Sun Briars Owner as a Breeder: Has Finely Appointed Stud Farm in New York State Called Sun Briar Court, Daily Racing Form, 1917-09-07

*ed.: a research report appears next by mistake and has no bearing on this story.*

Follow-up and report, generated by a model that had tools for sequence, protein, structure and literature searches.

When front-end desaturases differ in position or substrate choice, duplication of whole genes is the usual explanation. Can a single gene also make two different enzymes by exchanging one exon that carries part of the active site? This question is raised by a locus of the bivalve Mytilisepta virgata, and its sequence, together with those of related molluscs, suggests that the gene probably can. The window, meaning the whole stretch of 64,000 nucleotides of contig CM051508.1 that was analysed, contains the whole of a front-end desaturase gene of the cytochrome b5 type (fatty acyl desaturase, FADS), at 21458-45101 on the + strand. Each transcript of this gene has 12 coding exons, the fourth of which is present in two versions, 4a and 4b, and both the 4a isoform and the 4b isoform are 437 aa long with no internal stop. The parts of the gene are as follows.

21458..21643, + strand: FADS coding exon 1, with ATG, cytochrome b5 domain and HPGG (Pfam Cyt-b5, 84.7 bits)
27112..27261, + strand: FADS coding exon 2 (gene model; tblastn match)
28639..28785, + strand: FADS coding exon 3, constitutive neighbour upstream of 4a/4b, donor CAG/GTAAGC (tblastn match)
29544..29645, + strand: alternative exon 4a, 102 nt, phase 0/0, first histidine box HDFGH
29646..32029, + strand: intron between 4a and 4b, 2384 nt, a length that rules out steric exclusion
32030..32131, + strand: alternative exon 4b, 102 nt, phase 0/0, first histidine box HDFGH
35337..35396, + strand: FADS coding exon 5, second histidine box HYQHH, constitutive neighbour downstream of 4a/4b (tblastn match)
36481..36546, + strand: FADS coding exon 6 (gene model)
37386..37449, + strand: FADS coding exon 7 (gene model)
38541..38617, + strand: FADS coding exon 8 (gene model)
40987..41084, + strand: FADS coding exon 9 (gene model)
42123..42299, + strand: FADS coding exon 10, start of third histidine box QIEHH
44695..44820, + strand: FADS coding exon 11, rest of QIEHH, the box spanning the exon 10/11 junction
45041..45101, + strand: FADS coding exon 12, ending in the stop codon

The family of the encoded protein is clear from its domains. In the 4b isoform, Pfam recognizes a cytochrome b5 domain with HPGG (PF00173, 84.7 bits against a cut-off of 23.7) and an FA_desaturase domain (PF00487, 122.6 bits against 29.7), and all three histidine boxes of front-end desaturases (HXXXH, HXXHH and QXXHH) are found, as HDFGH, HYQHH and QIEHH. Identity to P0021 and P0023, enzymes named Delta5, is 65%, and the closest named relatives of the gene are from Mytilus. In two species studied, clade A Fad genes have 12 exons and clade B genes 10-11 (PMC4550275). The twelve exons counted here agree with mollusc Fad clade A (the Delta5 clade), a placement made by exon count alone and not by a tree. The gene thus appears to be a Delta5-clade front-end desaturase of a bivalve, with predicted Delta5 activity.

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SUN BRIARS OWNER AS A BREEDER Has Finely Appointed Stud Farm in New York State Called Sun Briar Court. By ONeil Sevier. Willis Sharpe Kilmer, one of the wealthy New Yorkers, who is going in for breeding in the Empire state, has named his stock farm, which lies just outside Binghampton, in the best agricultural country in the state, Sun Briar Court, after his crack two-year-old Sun liriar, winner of the Saratoga Special and the United States Hotel Stakes. Mr. Kilmer has Sun Briar Court pretty well stocked with English stallions and mares already. The head of his stud just now is Magic, a son of Mar-tagon, bred on his dams side like Mazagan, and he is spending as much money as the next man for English mares, which cross the Atlantic as often as it seems that there is a chance of the escaping U-Boat piracy. But his latest purchase of importance on the other side was not a mare. It was a yearling colt by Cicero, for which .lie paid the handsome sum of ,980. Harry Rites, a horseman well-known in Maryland, is managing Sun Briar Court. Sun Briar himself is, ultimately, to get his chance in the stud. The Sundridge colt has what looks like as fine a pair of young ringbones as ever disfigured a thoroughbred, but they do not seem to hurt him. He never takes a lame step and ho seemed to become faster and faster as the year progresses. Both Mr. Kilmer and his trainer, Henry McDaniel, a veteran of no illusions, are inclined to think that these disfigurements are not bona fide ringbones, but the results of injuries. But suppose they are ringbones. Rabelais, a son of St. Simon, which cut a big figure in English racing some years back and which has sent the Epsom Derby winner Durbar and a dozen other horses that have shown high-class form on English and French tracks to the Rices, is the proud owner of two regularly authenticated ringbones, and a spavin to boot. Nor was Rabelais the first thoroughbred with ringbones to go to the stud and sire sound horses. Sun Briar has done enough already to entitle him to a fair trial at Sun Briar Court and, if he shows next year that he is capable of maintaining his speed over a long distance of ground, lie will be worth setting up as a permanent stud institution. Breeders of Kentucky and Virginia, who conveniently forget Olitina, Remorseless, Regardless, Sir John Johnson, Caughnawaga, Chuctanunda, Molly Brant, Mohawk II., Herkimer, Rockville, Granite, Tom McTaggart and a score of other New York-bred horses that have held their own everywhere with the best products of the Blue Grass states, raise their eyebrows when men like Mr. Kilmer talks of raising higlj-elass horses in New York. With any of these doubters, who may have money for wagering, Mr. Kilmer offers to bet that he has nine yearlings at Sun Briar Court that will bear a favorable comparison with any nine yearlings that may be picked up in Kentucky, a jury from some neutral state to decide the bet.

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